Travel diary to the islands of Ogijima and Megijima Saturday, the 20th of July(Setouchi triennale Summer)

Setouchi triennale Summer 19 july~25 august

After coming by night bus, the first thing I looked for near Takamatsu station, where there was hardly anyone, was obviously a restaurant of Sanuki Udon. Sanuki udon, Kagawa Prefecture, these two are now almost synonyms. This typical dish consists of a bowl of hot or cold noodles, with or without tempuras, its popularity is unmatched by udons of other prefectures and some people come from far to eat Sanuki udon. Kagawa Prefecture is therefore THE sacred place, the blessed land of Udon.
Anyway, I ordered a bowl of udon from a restaurant across the street from Takamatsu Station. Garnished with free tenkasu (fried tempura paste resembling a bit of puffed rice), green onions and a lot of sliced meat for only 410 yen, quality and quantity were clearly there.

Once I had satisfied my body and soul, I went to the port of Takamatsu, a 5-minute walk from the train station. If I had had enough time, I would have wanted to go to Ritsurin Park, Edo Era Garden, Isamu Noguchi Art Museum and Kotohira Shrine, also known as Konpira-san, but this time I decided to focus on the art festival of Setouchi and to discover the islands of Megijima and Ogijima, both close to Takamatsu and easy to reach from its port.

As expected, and although it was only 8 am, the ferry was crowded, many people taking advantage of the weekend to get to the festival. Arriving at Ogijima, after a 40-minute cruise, we were welcomed by the first artwork, "The soul of Ogijima" by Jaume Prensa. The work was created for the 2010 edition of the festival and is now a tourist information centre and waiting room for the ferry.

In Ogijima, which land consists mainly of a large mountain, most of the houses are built on slopes and stone walls are stacked all over the island, where the houses and fields are built. It is a small island with a circumference of about 7 km. The village is concentrated around the port and everything can be done walking. As you wander along the narrow alleyways between the stone walls, you run into cafes, restaurants, artwork…As I walked up and down the streets, like a maze, I discovered successively many artworks such as Akinorium by Akinori Matsumoto, Memory Bottles by Mayumi Kuri and The Walking Arch by Keisuke Yamaguchi. The islanders who greet each other with friendly smiles and the cats that we see hanging around the island are things that we hardly see in town.During this walk, I stopped at the local restaurant «Dorima no Ie» which serve a medicinal cuisine without pesticides and without fertilizer that does good to the body (reservation is necessary). As Ogijima is a small island, I thought I would stay only two hours, but as I was finding more and more interesting places, I decided to delay my departure, and to take the 1pm ferry for Megijima.
 Compared to Ogijima, Megijima is a little larger and its harbour district, where the majority of the population is established, is flat. Upon arrival, the bus stop is right next door and it takes about 10 minutes to reach the summit of Washigamine. The island would have served as a model for Onigashima in the extremely famous Japanese legend of Momotaro. It is on Megijima that the young man would have defeated the demons who were hiding in the cave that we find not far from the top. When you get off the bus, many “demon” artifacts are laid out all over the place, but to tell you the truth, I have to admit that the place somehow felt like a tourist trap. No one knows when, why, by whom or how the cave was dug, which makes it interesting and you can take a look at the innumerable tiles with the effigy of demons made by the students of the prefecture of Kagawa. However the heap of objects of all kinds looked a bit cheap in my opinion.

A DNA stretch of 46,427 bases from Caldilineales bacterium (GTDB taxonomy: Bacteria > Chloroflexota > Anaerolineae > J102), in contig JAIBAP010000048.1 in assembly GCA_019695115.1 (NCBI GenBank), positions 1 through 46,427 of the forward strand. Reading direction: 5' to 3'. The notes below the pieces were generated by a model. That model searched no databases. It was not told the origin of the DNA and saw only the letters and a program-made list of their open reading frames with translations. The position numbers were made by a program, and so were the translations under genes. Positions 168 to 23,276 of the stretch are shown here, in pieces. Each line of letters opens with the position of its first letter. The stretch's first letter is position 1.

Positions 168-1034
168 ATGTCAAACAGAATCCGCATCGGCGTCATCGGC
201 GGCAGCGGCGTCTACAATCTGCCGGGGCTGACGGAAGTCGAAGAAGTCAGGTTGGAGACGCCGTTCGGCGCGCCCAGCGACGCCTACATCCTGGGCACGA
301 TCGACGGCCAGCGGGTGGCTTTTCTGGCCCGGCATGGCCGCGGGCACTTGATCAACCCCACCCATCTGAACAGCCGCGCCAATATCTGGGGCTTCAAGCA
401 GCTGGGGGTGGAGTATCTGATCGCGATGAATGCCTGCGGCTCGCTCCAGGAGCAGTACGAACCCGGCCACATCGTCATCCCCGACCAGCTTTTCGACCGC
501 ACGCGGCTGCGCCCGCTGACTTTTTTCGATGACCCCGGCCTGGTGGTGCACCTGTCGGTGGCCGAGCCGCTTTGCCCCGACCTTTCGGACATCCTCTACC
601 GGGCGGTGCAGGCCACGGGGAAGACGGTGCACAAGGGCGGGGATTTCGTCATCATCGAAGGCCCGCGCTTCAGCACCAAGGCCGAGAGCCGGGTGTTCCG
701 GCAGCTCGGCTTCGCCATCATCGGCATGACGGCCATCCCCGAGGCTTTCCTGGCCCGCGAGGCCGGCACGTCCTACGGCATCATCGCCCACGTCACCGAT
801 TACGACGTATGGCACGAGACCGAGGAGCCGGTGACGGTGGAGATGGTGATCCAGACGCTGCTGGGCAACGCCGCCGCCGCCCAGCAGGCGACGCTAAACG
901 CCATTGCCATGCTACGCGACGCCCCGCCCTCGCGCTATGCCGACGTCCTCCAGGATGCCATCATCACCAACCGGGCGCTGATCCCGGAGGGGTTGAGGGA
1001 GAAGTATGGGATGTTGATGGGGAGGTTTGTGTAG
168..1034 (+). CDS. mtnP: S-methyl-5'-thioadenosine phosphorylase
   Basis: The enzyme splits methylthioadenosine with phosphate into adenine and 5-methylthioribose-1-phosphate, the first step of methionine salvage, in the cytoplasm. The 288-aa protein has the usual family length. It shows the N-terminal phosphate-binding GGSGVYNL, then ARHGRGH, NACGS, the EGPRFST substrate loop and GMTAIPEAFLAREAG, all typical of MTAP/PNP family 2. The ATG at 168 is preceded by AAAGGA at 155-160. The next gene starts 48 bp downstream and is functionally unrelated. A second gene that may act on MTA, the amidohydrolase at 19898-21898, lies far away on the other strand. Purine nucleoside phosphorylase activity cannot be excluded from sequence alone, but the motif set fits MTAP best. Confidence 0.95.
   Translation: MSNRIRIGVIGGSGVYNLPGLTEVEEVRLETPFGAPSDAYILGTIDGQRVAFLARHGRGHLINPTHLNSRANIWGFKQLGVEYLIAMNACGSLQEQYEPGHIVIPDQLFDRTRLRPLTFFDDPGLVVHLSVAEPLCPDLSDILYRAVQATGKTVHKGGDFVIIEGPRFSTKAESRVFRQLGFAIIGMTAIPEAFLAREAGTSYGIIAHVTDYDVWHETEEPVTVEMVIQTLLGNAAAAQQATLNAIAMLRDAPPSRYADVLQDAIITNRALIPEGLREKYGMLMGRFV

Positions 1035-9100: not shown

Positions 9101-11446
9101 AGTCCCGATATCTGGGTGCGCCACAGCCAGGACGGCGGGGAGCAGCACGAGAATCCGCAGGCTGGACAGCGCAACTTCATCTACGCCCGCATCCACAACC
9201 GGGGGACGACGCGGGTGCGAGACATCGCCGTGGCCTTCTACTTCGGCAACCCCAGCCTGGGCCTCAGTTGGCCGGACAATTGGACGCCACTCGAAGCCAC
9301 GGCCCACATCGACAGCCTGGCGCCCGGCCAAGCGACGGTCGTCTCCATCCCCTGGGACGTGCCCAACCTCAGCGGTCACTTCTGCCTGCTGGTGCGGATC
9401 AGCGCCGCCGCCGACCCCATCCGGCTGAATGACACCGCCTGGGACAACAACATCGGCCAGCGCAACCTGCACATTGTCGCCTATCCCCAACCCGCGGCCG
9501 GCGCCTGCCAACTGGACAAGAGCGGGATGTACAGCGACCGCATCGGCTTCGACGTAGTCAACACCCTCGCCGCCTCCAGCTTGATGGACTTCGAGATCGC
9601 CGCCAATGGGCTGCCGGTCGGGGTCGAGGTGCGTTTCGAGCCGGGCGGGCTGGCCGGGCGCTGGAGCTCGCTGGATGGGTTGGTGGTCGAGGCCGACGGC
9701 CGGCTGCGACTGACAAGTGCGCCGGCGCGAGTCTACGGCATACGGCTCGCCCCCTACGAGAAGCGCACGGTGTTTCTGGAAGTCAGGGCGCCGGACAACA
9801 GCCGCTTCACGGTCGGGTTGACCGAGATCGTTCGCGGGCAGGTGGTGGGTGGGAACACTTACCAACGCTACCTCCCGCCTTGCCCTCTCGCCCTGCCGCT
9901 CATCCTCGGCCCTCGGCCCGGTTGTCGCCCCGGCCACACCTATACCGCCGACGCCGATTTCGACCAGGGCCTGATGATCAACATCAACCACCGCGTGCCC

However, on my way to the observation deck on top of the mountain, I was able to enjoy a breathtaking view of the Seto Sea. While wondering if it was really worth coming all the way up here, I decided to walk back down instead of taking the bus.
On my way to the port I crossed paths with several artworks such as Yasuyoshi Sugiura’s Terrace Wind, Shinro Ohtake’s Mecon, Leandro Erlich’s Laundry. Near the port, in addition to works such as 20th Century Memories (author: Hagetaka Funjo) and The Seagulls Parking Lot (author : Takahito Kimura), the crane builder company Tadano presents a replica of one of the Easter island’s moai, which was built as a test for restoration work to come. Unlike Ogijima’s nostalgic works, Megijima’s were somewhat humourous, perhaps because of the link with the legend of Momotaro in Onigashima.After another 20-minute cruise aboard the last ferry back to Takamatsu, I searched for one of the few Udon restaurants open at night in the bustling downtown. The time spent in Megijima and Ogijima suddenly felt like a dream to me, and while realizing this, I could not help feeling lonely.